The NCAA Cross Country Championships offers an impressive stage for a young distance runner. As she lined up for last year’s NCAA championship race – the third cross country race of her life – Oregon’s Anne Kesselring took a moment to survey the 254-woman field.

“I had never seen so many people on a line,” Kesselring recalled. “I just looked up at the line and was like, ‘Whoa! What is going on?'”

The Nürnberg, Germany native was one of two freshmen competing for the Ducks at the 2009 NCAAs, the other being wunderkind Jordan Hasay. Unaccustomed to racing with such a large group, Kesselring struggled across the line in 211th place as the Oregon women finished ninth as a team.

“I didn’t race very well there, but if I go back this year, I will be better prepared and I will know what’s coming,” she said.

Kesselring, the reigning Pacific-10 Conference champion at 800 meters on the track, has gradually warmed up to the idea of running cross country, supplementary to track season in the spring.

“In the beginning, I was a little bit skeptical because (races were 6,000 meters in length) and I had never done anything like that before last year,” she said. “But now, it’s different. The thing about cross country is it helps you so much during the track and indoor season. The other aspect is, in cross country the team is so important. You want to push yourself to contribute and try to make a difference for the team. That’s a nice feeling. We’re really close in cross country.”

Her willingness to be a team player in a highly individual sport resonates with her teammates.

“She’s a great teammate. She really pushes us,” senior Alex Kosinski said. “She has a good attitude.”

Kesselring’s fit with the Oregon Ducks has been instrumental in her continued development as a runner and a person.

She started running competitively in the fourth grade for a local club team, through which youth sports are organized (unlike the American system of school-based sports). At 15, Kesselring placed third in the 800m at the German national junior championships, inspiring her to become a serious runner.

Coming out of high school as a four-time German national champion and two-time IAAF Junior World Track & Field Championships qualifier, Kesselring was looking for a U.S. college to continue her career. She scoured the Internet, looking up schools, rankings and running times.

“I don’t think there’s another country that supports athletics like the U.S. does,” Kesselring said, “so I looked into running here in college. I just looked at a bunch of different schools and contacted several coaches.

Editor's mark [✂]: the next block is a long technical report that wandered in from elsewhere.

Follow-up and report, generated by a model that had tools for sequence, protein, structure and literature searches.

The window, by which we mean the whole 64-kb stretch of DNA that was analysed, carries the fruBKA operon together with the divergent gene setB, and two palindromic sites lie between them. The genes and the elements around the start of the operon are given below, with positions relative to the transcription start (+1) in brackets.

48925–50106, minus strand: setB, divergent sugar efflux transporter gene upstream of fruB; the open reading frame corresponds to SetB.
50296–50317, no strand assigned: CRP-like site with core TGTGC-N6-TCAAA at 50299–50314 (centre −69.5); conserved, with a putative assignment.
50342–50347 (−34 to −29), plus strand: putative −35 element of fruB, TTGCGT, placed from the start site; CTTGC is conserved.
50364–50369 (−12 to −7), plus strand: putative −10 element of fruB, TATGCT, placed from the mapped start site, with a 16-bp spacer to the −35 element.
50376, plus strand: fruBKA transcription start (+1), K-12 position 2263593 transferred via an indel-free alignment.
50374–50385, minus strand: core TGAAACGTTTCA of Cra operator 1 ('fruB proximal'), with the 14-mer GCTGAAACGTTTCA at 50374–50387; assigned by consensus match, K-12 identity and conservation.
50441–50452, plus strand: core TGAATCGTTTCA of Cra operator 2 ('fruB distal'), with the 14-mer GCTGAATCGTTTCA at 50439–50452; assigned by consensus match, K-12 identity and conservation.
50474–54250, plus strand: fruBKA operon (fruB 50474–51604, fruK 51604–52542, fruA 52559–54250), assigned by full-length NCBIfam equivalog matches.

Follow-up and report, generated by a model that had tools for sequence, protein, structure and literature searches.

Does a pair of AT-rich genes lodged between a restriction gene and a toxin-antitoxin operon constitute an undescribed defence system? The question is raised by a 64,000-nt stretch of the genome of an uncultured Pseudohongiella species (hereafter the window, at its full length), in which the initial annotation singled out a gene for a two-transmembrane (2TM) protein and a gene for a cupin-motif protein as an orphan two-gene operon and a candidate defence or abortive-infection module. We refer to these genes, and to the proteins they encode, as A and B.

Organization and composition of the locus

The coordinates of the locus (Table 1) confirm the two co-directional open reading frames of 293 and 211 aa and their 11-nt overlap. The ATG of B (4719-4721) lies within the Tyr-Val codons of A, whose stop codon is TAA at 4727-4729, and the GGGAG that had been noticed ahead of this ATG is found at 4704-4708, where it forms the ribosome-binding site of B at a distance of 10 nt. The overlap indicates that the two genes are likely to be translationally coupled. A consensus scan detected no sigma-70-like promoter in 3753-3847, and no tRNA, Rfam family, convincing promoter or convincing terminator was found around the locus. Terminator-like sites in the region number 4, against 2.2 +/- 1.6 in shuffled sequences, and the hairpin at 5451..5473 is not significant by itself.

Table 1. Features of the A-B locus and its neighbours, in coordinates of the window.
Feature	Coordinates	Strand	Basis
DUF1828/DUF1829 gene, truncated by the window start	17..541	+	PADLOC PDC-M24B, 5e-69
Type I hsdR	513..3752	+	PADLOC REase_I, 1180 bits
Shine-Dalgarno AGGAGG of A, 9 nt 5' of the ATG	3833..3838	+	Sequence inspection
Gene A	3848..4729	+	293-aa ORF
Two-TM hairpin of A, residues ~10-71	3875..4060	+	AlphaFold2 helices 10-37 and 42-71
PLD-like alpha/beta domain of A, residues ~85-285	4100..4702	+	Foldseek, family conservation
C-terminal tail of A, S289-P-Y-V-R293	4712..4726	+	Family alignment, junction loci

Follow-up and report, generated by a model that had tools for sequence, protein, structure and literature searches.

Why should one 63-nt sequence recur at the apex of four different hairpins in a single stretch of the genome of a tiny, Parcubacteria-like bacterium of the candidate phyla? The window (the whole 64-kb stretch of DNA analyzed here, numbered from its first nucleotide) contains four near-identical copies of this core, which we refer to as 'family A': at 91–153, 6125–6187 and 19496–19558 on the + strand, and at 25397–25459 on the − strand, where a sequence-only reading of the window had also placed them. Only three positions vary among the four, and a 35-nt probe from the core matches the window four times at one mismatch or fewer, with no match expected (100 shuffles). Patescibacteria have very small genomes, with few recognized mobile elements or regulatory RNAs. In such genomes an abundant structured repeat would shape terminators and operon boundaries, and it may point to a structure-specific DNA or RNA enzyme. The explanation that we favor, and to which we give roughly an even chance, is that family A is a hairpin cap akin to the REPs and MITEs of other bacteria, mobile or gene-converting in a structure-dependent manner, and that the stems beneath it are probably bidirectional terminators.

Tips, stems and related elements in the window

“In the end, (Oregon assistant coach) Maurica (Powell) made me feel welcome here and I just got the impression that Oregon was going to be a good place for me.”

Powell – currently on maternity leave after the birth of her second child – kept in contact with Kesselring by phone, and managed to sell her on the Ducks without a campus visit. When Kesselring first arrived in Oregon in preparation for the cross country teams’ annual fall camp in Sunriver, it was her first time on U.S. soil, save for a brief trip as a 2-year-old.

“In Sunriver, you don’t see much of American life,” she said. “It’s just the people you get to know. One of the things I noticed here is that people are really open towards you. It’s amazing to me how fast I became friends with everybody. Everyone was making an effort to get to know me, and I feel like that was a big difference. At home, (people are) not unfriendly but more reserved at first. Here it’s like, ‘Oh, you’re part of this. Come in.'”

With such a focused environment, those relationships with teammates formed quickly. As Kesselring’s freshman year began, she had a core group of friends on whom she could rely to explain the mannerisms and customs of American life.

“I think it’s great when (foreign athletes) come here – the Kenyans and the Europeans,” redshirt senior A.J. Acosta said. “The school, however they want to give out their scholarships, that’s their prerogative. I think it’s great that we give out scholarships to foreign (athletes) like (former UO distance runner) Shadrack (Biwott), like Zoe (Buckman), like Anne. Personality-wise, she’s a good addition to the team. A good friend, a good teammate.”

Language was another hurdle gradually overcome. Kesselring is fluent in German, English and French, conversationally fluent in Italian and minoring in Chinese, to go with a Business Administration major. Colloquialisms and expressions would occasionally confuse her, but teammates helped her out.

“She’s really smart,” Kosinski said. “She picked up everything really quick.”

Leaving her family behind has not been easy, but Kesselring is looking forward to Christmas break – her parents, Hartmut and Maria, and younger sister Michaela will join her in the U.S. to celebrate the holidays.

“I’m so close with my family,” Kesselring said. “I’m just so excited to spend Christmas with my family. I’m excited for them to come see my new life.”

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